Dignity for the Voiceless

Dignity for the Voiceless: Willem Assies's Anthropological Work in Context

Ton Salman
Salvador Martí i Puig
Gemma van der Haar
Copyright Date: 2014
Edition: 1
Published by: Berghahn Books
Pages: 348
https://www.jstor.org/stable/j.ctt9qchj0
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  • Book Info
    Dignity for the Voiceless
    Book Description:

    Willem Assies died in 2010 at the age of 55. The various stages of his career as a political anthropologist of Latin American illustrate how astute a researcher he was. He had a keen eye for the contradictions he observed during his fieldwork but also enjoyed theoretical debate. A distrust of power led him not only to attempt to understand "people without voice" but to work alongside them so they could discover and find their own voice. Willem Assies explored the messy, often untidy daily lives of people, with their inconsistencies, irrationalities, and passions, but also with their hopes, sense of beauty, solidarity, and quest for dignity. This collection brings together some of Willem Assies's best, most fascinating, and still highly relevant writings.

    eISBN: 978-1-78238-293-5
    Subjects: Anthropology, Business, Political Science

Table of Contents

  1. Front Matter
    (pp. i-vi)
  2. Table of Contents
    (pp. vii-viii)
  3. Foreword
    (pp. ix-xii)
    Geert Banck

    It was a fateful day in May 2010. Willem had returned home for the weekend of Pentecost from Hannover, where he was a guest researcher at the Leibniz University. At dinner he choked on a piece of meat and fell into a coma, dying days later on May 22. His family, especially his partner Gemma and their young daughter Laura, were left in despair, his many friends in shock. How was this possible? Of course, this is a normal reaction when confronted by such a swift stroke of fate, and words likefateandfatefulcould be just a conventional...

  4. Acknowledgments
    (pp. xiii-xiv)
  5. Introduction
    (pp. 1-6)
    Gemma van der Haar, Salvador Martí i Puig and Ton Salman

    Soon after Willem Assies’s untimely death it became clear how intensively Assies had been involved in a broad range of lively correspondence with colleagues and students about his work, his ideas, his analyses, and his many publications. From one day to the next, all this came to a halt, leaving his many contacts not only in mourning but also bereft of cherished communications on all the themes Assies had worked and published about. Among these thematic fields—all focused on Latin America—were social movements, agrarian issues, indigenous (land) rights, ethnicity and citizenship, and political developments in Bolivia. To be...

  6. Part I. (Urban) Social Movements in Latin America
    • Introduction
      (pp. 9-10)
      Geert Banck

      In the post-1968 intellectual turmoil, debates raged about which strategies were best for a plethora of emancipatory mobilizations such as the peace and liberalization movements, feminist struggles, peasant and indigenous mobilizations, and, last but not least, urban movements. These calls for action were almost wholly grounded in Marxist theoretical debates, be it often mixed with an ever shifting bricolage of Gandhian nonviolent action, Lacanian psychology, Foulcaultian philosophy, and the Beatles’ song “Lucy in the Sky with Diamonds” metaphor for drugs-related inspiring insights.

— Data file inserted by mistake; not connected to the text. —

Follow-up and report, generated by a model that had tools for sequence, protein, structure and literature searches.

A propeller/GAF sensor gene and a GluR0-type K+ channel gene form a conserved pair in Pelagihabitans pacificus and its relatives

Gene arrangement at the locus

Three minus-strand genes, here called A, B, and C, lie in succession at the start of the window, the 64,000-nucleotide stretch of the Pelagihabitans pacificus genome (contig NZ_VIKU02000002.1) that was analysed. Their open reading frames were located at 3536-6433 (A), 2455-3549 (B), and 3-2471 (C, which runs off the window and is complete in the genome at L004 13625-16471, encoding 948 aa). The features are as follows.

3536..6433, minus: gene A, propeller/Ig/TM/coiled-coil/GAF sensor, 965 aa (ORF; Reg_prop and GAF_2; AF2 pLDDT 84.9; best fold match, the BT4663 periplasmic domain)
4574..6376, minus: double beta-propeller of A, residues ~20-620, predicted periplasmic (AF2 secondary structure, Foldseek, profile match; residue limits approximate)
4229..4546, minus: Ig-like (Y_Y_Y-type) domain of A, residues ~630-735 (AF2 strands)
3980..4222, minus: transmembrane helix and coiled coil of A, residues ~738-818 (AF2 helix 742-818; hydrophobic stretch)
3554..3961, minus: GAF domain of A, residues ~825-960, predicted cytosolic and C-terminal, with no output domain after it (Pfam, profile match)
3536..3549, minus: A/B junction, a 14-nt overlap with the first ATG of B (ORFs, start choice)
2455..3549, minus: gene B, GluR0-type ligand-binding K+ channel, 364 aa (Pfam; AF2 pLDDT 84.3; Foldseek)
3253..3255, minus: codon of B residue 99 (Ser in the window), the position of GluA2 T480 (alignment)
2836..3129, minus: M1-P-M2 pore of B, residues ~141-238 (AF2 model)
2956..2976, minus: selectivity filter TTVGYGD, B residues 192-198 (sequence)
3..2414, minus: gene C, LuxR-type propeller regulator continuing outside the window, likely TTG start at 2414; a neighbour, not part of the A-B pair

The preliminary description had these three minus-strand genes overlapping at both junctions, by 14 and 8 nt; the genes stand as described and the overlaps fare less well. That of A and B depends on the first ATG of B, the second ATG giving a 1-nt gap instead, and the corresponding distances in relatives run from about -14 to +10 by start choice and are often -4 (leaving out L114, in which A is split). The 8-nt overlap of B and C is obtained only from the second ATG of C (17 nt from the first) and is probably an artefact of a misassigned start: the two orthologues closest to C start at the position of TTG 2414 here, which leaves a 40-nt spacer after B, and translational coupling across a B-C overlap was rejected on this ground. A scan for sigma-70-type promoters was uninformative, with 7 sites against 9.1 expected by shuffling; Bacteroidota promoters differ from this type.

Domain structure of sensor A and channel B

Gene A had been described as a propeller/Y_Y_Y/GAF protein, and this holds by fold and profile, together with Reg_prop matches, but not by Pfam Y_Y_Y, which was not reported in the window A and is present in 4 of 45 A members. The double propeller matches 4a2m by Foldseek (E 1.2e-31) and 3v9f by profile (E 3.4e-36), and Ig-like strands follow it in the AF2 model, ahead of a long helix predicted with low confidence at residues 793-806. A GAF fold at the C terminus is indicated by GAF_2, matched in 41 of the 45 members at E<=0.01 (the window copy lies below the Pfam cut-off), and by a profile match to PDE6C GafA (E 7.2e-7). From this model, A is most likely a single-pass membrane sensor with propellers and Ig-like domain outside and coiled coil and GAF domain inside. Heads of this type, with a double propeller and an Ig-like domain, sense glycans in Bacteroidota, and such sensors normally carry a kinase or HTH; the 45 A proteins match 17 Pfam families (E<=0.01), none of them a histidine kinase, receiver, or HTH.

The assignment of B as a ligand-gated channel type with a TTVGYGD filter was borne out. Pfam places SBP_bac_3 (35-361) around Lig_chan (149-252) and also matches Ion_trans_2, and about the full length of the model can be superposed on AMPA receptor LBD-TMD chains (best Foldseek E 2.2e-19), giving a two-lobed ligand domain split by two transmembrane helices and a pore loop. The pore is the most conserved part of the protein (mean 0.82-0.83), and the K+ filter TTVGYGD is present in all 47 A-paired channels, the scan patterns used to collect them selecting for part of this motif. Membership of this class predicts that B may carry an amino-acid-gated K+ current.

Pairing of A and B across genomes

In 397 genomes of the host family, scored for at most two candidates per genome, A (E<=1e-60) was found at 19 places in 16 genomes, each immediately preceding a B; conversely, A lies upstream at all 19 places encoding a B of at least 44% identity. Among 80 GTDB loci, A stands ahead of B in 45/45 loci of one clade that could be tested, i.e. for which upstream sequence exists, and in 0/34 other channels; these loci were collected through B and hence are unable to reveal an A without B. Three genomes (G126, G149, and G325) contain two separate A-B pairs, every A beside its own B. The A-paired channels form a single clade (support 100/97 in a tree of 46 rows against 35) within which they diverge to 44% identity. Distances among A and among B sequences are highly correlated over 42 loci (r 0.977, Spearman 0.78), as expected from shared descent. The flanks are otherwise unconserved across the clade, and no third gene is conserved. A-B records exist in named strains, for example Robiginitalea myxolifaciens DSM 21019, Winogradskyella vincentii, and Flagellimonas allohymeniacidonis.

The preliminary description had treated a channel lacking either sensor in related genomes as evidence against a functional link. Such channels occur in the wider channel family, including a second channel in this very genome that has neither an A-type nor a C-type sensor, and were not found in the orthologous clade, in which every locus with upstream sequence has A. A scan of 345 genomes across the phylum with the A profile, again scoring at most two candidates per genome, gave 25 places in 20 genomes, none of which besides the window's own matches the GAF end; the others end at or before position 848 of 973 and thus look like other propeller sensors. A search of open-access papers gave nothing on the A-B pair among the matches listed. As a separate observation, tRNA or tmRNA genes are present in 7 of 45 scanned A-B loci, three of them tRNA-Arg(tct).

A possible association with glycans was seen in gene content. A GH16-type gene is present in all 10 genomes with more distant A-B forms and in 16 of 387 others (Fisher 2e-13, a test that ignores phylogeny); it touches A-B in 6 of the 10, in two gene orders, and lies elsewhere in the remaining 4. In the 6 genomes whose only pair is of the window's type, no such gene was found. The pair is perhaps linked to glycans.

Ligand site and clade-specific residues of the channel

In the spirit of 1968 there was not much room for Komintern orthodoxy, for Leninist central democracy in...

    • 1 Of Structured Moves and Moving Structures: An Overview of Theoretical Perspectives on Social Movements
      (pp. 11-42)

      In the preceding part of the essay, not reproduced here, Willem Assies basically explored the developments in (neo)Marxist thinking on (urban) social movements and their significance for “the revolution,” in class consciousness and the analysis of the development of capitalism. In the excerpt below, he turns his attention to developments in Latin America.

      When in the 1960s the term “marginality” was coined in Christian Democratic circles in Chile it was meant to refer to those who somehow remained “marginal” to the process of “modernization.” Marginality was becoming visible in the rapid growth of shanty towns around the major cities. According...

    • 2 Urban Social Movements, Democratization, and Democracy in Brazil
      (pp. 43-58)

      When Brazil entered its drawn-out process of democratic transition in the mid-1970s, one of the striking phenomena was the proliferation and vitality of neighborhood-based organizations and activism among the urban poor. Had not a kind of consensus been reached by then among social scientists about the latter’s relative conservatism and lack of revolutionary aspirations? That consensus had partly developed in response to versions of marginality theory that either feared or cherished a revolutionary propensity among the urban poor. Their social discontent, it was now argued, was limited, since they had turned out not to be so marginal after all, but...

  7. Part II. Agrarian Issues
    • Introduction
      (pp. 61-63)
      Cristóbal Kay

      Willem Assies published about nine essays on specifically agrarian issues. Besides the two essays selected for this section, his other agrarian essays are Assies 1997, 2000, 2005, 2006, 2008, 2009a, and 2009b. Twenty-five years separate the publication of the two selected articles. The first article discusses the 1969 agrarian reform in Peru, while the second article deals with some aspects of the 1996 so-called “Ley INRA” in Bolivia, orLey del Instituto Nacional de Reforma Agrariato gives it its full title. This essay on Peru is his first publication and it is based on his MA thesis in anthropology...

    • 3 The Agrarian Question in Peru: Some Observations on the Roads of Capital
      (pp. 64-98)

      Under the military governments of Velasco (1968–1975) and Morales Bermúdez (1975–1980) one of the most important agrarian reforms of South American history took place in Peru. According to Alain de Janvry (1981) this reform involved a shift from a Junker-road to a farmer-road toward the development of capitalism in Peruvian agriculture. In the first part of this study de Janvry’s approach to the “agrarian question” and his evaluation of the Peruvian reform will be discussed. It will be argued that he overestimates the importance of farmer-type capitalism and pays too little attention to the cooperatives established during the...

    • 4 From Rubber Estate to Simple Commodity Production: Agrarian Struggles in the Northern Bolivian Amazon
      (pp. 99-148)

      In October 2001 the Bolivian government convoked an “Earth Summit” (Cumbre de la Tierra) to be held a month later. The previous years had seen an escalation of peasant unrest. In the Andean highlands the peasantry had turned increasingly to militant action with strong ethnic overtones. In the eastern tropical lowlands a colonists’ movement had gathered strength, and in the year 2000 a movement of landless peasants had erupted, eliciting a violent response from large landowners who, in turn, pressured the government with their own claims. By the end of June that same year indigenous people of the tropical lowlands...